2. Velocity is the primary data point you want to focus on, consistent velocity = consistent delivery.  It’s not your job to determine the What for the product but it is your job to ensure that what they commit to does get Delivered (though if you work to be a valued member of the team, you should definitely be able to provide input).
  3. Status Reporting – Ah the bane of our existence as project managers and something that I had to deal with recently, the dreaded status report.  Honestly I hadn’t been a project manager for many years and as a Manager I never needed one with Agile teams.  All I needed was a dashboard (Jira or Rally are the ones I’m most experienced with) to observe a teams backlog, Velocity and Progress towards a Roadmap they were working on.
    1. Realization – The status report will not every go away but I think you need to ensure that your reporting is consistent with the rest of your Agile processes.  Tools such as Jira and Rally provide you with abilities to manage Roadmaps, teams, budgets, etc… Everything is still there but your reporting needs to take advantage of the data elements within Agile, don’t translate your Agile into a waterfall type status report.  This will only ensure that Sr. Management stays disconnected from Agile and the entire organization needs to be plugged into Agile and walk the walk.

If you are a traditional PMI type project manager and are moving to Agile here are some things you should consider:

  1. You are not responsible for the success of a project/ delivery – Yeah I know it sounds wrong, but in Agile it is the TEAM that is responsible for delivery.  You need to plug into your team, get to know what they do, the challenges that they face, become a sounding board for ideas, get your hands dirty, learn how to test, etc…Becoming a valued member of the team is what moved me out of Project Management and into Quality Assurance. 9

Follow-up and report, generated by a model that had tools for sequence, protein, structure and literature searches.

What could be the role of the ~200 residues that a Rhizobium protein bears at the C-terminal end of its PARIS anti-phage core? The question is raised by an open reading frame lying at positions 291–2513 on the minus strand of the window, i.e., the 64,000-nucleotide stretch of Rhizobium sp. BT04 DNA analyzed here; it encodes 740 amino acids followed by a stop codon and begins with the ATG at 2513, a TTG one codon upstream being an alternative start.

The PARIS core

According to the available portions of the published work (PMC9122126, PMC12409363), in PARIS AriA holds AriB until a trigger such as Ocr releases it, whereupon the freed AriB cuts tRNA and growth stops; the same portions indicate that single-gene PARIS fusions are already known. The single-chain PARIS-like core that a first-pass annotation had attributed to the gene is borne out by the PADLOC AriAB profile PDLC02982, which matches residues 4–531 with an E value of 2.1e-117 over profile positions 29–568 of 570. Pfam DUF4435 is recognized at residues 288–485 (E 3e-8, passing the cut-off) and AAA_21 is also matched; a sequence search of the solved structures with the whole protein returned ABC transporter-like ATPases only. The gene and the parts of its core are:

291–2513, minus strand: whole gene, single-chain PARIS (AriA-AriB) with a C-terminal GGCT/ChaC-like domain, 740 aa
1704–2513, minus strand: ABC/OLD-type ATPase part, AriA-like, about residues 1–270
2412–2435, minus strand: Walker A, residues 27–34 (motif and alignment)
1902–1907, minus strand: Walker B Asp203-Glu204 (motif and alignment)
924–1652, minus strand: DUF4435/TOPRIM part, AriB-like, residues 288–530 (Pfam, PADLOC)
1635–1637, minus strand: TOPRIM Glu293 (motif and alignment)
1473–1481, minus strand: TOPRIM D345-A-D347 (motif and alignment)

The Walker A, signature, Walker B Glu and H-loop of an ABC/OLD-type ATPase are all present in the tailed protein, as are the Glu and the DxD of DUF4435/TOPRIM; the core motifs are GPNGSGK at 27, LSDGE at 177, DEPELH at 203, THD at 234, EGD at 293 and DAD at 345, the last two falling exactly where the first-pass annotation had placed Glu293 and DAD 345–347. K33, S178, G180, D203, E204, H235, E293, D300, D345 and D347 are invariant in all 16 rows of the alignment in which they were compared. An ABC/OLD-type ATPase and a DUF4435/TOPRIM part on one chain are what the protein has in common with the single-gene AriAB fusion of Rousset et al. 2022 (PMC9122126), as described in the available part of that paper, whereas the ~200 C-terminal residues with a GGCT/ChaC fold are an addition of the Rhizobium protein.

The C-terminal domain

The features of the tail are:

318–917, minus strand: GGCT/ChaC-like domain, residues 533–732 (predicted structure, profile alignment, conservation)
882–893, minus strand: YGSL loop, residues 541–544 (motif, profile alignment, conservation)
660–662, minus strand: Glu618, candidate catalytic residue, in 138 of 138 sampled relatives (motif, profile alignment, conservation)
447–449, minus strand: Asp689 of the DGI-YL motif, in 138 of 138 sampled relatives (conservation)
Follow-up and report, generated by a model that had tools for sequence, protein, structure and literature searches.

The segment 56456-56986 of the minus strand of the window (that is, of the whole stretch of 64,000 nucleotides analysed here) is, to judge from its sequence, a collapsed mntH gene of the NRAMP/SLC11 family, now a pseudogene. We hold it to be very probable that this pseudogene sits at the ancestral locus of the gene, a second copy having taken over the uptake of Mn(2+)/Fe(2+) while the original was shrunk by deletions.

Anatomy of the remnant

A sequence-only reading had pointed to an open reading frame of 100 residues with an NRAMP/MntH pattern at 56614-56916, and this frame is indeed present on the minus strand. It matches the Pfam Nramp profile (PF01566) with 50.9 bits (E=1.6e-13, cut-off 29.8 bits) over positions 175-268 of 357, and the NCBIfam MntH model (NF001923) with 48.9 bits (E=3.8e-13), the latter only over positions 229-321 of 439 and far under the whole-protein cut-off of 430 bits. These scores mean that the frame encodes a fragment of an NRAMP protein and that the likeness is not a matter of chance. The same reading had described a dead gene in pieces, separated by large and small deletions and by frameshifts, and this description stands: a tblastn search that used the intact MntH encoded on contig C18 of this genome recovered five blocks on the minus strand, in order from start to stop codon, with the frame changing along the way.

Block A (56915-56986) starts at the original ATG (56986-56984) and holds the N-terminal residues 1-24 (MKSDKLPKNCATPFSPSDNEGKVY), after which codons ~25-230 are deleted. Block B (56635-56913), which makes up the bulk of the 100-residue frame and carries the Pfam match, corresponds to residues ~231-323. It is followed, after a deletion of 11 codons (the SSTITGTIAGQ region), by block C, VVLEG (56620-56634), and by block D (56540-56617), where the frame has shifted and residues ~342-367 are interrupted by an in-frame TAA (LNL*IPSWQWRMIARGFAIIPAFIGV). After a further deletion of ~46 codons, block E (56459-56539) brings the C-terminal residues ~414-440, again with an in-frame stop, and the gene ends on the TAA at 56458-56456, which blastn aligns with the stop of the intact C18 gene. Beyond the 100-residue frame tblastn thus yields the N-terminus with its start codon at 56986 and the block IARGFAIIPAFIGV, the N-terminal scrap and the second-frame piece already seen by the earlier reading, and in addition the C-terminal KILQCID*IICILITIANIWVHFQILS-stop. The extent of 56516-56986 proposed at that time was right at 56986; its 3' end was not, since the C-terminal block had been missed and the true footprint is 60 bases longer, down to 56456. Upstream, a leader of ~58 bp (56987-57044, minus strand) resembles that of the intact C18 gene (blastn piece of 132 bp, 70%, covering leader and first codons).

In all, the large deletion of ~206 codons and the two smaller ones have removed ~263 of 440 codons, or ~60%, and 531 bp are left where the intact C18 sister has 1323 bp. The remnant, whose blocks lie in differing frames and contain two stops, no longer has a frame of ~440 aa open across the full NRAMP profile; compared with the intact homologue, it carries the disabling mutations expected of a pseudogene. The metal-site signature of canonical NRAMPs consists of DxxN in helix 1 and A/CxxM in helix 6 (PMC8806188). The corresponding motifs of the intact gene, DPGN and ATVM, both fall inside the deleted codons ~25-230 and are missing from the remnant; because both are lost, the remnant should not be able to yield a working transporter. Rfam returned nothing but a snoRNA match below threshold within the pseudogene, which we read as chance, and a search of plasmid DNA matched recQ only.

2. Be an Agile advocate – Embrace agile so that you do more than go through the motions. Read, learn, join a meet up group, do more than just the minimum.  As a Project Manager you can help your organization get better at Being Agile, you have the connections and understanding of the organization that many in the technical side may not.
  3. Don’t be Defensive- As you will learn, Retrospectives should be frank and open conversations about what is working and more importantly not working in your processes.  Encourage your team to openly talk about issues, but protect them so that they can continue to work effectively as a team, remember attack the problem not the person.  For example at Disney where I both QA Manager and individual contributor my duties as QA Manager were getting in the way of my ability to test and give good feedback to the team.  They rightly called me out in a retrospective as being the issue for them not moving as fast as they could.  I was not defensive but understanding, that is what you want in Agile, because they were absolutely correct, I was the problem at that point.

So as you look at what you manage in traditional project management, understand that it is not the Project that you are delivering but a Product and Products have much longer life spans than projects.

You need to keep your teams focused in consistent and disciplined delivery that brings real value to your organization. If you are working on something that doesn’t have value you should be questioning and challenging your team as to why.

Agile isn’t easy, though I think it is often thought of as easy.  No Agile is very disciplined and when you undertake Agile it will highlight every inefficiency and poor process that exists in your organization today.  You simply cannot go fast until you address these issues.  As a Project Manager you can help drive this change.